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Polymorphisms in cytochrome P450 are associated with extensive efavirenz pharmacokinetics and CNS toxicities in an HIV cohort in Botswana

The Pharmacogenomics Journalvolume 18pages678688 (2018) | Download Citation


Inter-individual variability in efavirenz (EFV) pharmacokinetics and dynamics is dominantly driven by the polymorphism in cytochrome P450 (CYP) isoenzyme 2B6 516G>T. We hypothesized that additional CYP polymorphisms mediate the relationship between CYP2B6 516G>T, EFV metabolism, and clinical events. We investigated 21 SNPs in 814 HIV-infected adults initiating EFV-based therapy in Botswana for population pharmacokinetics, CNS toxicities, and treatment outcomes. Two SNPs (rs28399499 and rs28399433) showed reduced apparent oral EFV clearance. Four SNPs (rs2279345, rs4803417, rs4802101, and rs61663607) showed extensive clearance. Composite CYP2B-mediated EFV metabolism was significantly associated with CNS toxicity (p = 0.04), with extensive metabolizers reporting more and slow and very slow metabolizers reporting less toxicity after 1 month compared to intermediate metabolizers. Composite CYP2B6 metabolism was not associated with composite early treatment failure. In conclusion, our data suggest that CNS-related toxicities might not be solely the result of super-therapeutic parent EFV concentrations in HIV-infected individuals in patients of African ancestry.

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We thank the medical staff at the Bontleng, BH3, Broadhurst Traditional Area, Morwa, Nkoyaphiri, Phase II, and Village Infectious Diseases Care Clinics for their assistance with carrying out this study. We also thank the Ministry of Health of Botswana for supporting the project and the patients who participated.

Author contributions

MV wrote the article; RG, GPB, MV, BLS, and MM designed the research; MV, SLB, AFZ, MRG, BR, XH, APS, MM, BLS, GPB, RA, and RG performed the research; MV analyzed the data. The final manuscript reviewed and approved by all authors.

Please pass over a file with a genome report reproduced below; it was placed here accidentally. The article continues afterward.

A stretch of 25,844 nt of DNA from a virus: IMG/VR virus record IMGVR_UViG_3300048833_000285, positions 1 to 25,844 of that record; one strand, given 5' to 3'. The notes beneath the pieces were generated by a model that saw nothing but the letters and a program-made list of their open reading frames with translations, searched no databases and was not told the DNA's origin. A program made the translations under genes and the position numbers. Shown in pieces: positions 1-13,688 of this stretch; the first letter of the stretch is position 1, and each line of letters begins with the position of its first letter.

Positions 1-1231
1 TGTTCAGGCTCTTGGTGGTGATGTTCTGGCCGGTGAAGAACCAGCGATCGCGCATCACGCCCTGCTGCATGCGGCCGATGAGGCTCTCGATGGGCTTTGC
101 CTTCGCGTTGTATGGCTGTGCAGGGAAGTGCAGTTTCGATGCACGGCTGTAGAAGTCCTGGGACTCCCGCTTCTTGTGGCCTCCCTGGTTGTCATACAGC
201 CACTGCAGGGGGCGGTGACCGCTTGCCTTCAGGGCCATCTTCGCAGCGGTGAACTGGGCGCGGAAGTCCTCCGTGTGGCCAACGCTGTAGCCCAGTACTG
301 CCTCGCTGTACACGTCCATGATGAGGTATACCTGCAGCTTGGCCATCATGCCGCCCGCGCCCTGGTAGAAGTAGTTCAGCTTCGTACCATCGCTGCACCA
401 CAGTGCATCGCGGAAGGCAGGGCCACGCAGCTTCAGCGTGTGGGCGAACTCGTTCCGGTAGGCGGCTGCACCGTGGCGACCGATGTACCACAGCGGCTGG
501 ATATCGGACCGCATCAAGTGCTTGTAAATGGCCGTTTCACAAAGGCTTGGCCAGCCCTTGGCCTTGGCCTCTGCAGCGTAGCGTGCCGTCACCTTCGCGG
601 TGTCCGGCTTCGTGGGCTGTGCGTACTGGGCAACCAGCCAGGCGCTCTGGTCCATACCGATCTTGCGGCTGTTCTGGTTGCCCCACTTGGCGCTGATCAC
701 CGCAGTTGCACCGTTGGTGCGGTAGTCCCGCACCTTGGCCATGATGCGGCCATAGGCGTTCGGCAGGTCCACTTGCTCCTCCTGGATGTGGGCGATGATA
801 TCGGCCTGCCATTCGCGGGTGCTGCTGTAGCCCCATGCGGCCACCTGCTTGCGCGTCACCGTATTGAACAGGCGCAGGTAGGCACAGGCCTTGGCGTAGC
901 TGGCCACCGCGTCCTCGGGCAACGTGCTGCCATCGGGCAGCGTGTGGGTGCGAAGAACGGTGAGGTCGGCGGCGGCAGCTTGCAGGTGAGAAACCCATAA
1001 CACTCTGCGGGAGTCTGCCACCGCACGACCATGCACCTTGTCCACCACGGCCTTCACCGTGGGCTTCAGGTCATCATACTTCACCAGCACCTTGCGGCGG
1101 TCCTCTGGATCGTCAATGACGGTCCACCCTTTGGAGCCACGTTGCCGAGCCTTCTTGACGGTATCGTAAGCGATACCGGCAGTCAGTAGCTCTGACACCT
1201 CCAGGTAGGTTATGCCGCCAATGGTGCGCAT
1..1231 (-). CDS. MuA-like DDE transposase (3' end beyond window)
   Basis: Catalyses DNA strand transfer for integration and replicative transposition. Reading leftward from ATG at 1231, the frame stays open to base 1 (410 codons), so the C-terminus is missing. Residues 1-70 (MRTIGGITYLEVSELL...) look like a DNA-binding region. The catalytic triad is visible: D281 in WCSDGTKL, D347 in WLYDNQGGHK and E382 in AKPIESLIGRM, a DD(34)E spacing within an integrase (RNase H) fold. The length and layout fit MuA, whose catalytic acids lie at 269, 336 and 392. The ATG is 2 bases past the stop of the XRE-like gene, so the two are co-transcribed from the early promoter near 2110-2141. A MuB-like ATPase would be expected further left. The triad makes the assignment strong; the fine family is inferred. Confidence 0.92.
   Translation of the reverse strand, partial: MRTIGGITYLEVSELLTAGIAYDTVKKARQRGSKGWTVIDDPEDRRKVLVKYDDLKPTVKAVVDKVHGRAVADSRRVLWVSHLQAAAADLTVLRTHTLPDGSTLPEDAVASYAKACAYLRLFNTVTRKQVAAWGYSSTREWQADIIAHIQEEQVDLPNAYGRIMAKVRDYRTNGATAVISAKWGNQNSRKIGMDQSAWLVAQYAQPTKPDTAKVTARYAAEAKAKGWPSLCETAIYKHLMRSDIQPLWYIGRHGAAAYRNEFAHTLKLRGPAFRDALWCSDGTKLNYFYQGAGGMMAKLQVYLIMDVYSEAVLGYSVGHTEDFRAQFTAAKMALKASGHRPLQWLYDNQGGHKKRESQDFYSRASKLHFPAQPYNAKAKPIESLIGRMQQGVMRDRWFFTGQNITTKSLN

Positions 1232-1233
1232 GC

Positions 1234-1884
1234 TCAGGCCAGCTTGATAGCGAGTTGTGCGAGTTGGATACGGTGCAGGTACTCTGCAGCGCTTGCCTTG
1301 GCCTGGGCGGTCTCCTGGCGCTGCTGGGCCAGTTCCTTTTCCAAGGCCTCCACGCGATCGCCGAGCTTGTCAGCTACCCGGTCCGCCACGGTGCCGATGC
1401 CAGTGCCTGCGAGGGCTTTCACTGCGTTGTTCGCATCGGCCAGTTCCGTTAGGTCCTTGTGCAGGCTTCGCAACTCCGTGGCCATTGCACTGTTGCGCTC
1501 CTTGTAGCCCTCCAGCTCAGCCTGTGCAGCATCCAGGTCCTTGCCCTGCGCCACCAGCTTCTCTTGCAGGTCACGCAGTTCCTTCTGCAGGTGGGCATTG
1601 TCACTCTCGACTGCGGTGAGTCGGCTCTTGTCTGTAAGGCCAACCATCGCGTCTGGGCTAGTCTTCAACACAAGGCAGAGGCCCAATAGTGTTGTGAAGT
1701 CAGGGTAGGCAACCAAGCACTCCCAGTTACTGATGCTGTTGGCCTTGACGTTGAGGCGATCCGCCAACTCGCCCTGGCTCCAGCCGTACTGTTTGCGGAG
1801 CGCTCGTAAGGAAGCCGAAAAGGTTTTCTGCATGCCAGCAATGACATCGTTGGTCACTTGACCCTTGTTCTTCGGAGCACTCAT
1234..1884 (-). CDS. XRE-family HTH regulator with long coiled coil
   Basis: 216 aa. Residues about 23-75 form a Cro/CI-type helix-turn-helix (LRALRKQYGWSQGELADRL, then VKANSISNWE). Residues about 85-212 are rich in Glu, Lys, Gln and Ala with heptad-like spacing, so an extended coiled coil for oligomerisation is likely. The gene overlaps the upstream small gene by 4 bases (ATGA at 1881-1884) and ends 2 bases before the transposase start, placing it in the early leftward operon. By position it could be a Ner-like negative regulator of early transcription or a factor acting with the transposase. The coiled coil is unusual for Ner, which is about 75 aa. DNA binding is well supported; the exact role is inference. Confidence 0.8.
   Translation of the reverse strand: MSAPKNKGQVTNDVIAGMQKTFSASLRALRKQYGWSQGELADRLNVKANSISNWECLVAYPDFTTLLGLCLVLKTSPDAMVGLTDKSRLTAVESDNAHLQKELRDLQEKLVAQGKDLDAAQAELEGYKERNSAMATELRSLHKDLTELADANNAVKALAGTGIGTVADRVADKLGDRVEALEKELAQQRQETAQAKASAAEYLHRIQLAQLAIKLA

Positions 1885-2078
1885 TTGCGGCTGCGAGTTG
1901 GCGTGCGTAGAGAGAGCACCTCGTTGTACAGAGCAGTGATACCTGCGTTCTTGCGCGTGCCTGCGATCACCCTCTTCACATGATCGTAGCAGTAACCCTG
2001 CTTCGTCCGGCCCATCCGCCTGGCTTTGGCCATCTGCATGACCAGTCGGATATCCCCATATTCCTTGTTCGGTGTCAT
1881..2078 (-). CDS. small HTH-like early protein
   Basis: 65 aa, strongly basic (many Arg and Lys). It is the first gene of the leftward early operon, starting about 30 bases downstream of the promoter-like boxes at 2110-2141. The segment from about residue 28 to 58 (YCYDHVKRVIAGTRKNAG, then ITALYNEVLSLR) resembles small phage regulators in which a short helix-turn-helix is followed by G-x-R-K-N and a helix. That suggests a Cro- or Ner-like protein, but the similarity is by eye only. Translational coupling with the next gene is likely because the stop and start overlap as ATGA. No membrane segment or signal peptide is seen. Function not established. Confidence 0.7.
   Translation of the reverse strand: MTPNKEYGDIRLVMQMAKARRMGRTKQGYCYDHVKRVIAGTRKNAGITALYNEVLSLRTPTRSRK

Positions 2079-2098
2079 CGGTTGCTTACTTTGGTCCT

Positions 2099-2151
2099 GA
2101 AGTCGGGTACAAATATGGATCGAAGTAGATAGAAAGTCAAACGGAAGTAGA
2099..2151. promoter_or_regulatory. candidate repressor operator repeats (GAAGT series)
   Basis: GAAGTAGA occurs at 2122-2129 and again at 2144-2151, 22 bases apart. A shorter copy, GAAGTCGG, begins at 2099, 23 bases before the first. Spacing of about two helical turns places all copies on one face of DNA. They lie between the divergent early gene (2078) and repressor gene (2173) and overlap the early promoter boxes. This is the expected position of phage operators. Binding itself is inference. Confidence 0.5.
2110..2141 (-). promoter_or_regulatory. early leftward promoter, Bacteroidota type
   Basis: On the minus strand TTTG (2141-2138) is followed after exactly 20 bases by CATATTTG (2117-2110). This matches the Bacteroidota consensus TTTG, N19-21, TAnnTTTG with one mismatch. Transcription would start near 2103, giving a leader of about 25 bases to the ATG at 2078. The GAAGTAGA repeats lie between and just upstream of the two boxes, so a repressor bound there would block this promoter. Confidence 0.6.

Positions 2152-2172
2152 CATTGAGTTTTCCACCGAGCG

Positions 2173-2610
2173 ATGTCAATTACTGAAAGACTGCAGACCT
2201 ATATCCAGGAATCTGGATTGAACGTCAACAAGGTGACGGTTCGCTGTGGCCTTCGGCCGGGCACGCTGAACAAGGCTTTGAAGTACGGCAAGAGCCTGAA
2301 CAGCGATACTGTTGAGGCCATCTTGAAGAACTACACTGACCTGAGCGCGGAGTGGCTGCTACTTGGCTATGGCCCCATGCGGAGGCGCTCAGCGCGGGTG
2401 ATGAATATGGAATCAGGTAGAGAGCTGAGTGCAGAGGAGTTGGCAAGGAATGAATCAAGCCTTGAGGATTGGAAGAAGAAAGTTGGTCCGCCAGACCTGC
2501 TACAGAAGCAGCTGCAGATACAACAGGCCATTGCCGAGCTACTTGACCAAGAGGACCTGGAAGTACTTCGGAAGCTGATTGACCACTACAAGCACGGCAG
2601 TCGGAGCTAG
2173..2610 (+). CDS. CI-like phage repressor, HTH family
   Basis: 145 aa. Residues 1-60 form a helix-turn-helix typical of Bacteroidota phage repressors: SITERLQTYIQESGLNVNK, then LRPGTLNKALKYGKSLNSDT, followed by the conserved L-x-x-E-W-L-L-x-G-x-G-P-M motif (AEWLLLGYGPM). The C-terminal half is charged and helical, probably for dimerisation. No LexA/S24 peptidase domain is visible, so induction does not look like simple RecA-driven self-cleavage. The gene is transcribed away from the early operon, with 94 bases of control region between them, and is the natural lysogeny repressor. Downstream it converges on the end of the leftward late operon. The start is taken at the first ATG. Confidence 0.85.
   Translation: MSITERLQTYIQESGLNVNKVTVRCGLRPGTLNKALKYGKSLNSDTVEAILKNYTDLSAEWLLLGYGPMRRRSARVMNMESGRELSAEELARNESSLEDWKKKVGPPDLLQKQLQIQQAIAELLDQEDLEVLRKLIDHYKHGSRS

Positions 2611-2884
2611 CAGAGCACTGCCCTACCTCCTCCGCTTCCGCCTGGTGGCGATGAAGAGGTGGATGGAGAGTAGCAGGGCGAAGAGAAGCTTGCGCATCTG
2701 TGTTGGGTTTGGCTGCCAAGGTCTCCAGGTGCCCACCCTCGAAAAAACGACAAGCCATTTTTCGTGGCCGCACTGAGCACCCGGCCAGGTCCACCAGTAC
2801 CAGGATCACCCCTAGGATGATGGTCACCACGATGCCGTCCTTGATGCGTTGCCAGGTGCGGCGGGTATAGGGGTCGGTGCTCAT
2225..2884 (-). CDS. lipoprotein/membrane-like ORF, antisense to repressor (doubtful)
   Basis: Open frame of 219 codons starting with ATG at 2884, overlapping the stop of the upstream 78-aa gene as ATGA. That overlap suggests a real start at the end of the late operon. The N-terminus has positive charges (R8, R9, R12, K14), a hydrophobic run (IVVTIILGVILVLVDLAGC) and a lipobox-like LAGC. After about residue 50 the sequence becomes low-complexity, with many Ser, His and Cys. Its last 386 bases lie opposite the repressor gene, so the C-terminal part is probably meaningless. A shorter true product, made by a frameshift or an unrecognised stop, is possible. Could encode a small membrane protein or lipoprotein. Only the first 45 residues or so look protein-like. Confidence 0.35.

Author information


  1. Center for Clinical Epidemiology and Biostatistics, University of Pennsylvania Perelman School of Medicine, Philadelphia, PA, USA

    • Marijana Vujkovic
    • , Xiaoyan Han
    • , Gregory P. Bisson
    •  & Robert Gross
  2. Department of Epidemiology and Biostatistics, Dornsife School of Public Health, Drexel University, Philadelphia, PA, USA

    • Scarlett L. Bellamy
  3. Department of Anesthesiology and Critical Care Medicine, The Children’s Hospital of Philadelphia, Philadelphia, PA, USA

    • Athena F. Zuppa
    • , Ganesh S. Moorthy
    •  & Andrew P. Steenhoff
  4. Metrum Research Group, Tariffville, CT, USA

    • Marc R. Gastonguay
  5. Botswana UPenn Partnership, Gaborone, Botswana

    • Bakgaki Ratshaa
  6. Division of Infectious Diseases, The Children’s Hospital of Philadelphia, Philadelphia, PA, USA

    • Bakgaki Ratshaa
  7. Faculty of Medicine, University of Botswana, Gaborone, Botswana

    • Mosepele Mosepele
  8. Rutgers Biomedical and Health Sciences, Newark, NJ, USA

    • Brian L. Strom
  9. Department of Medicine (Infectious Diseases), University of Pennsylvania Perelman School of Medicine, Philadelphia, PA, USA

    • Gregory P. Bisson
    •  & Robert Gross
  10. Division of Oncology, The Children’s Hospital of Philadelphia, Philadelphia, PA, USA

    • Richard Aplenc


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The authors declare that they have no conflict of interest.

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Correspondence to Robert Gross.

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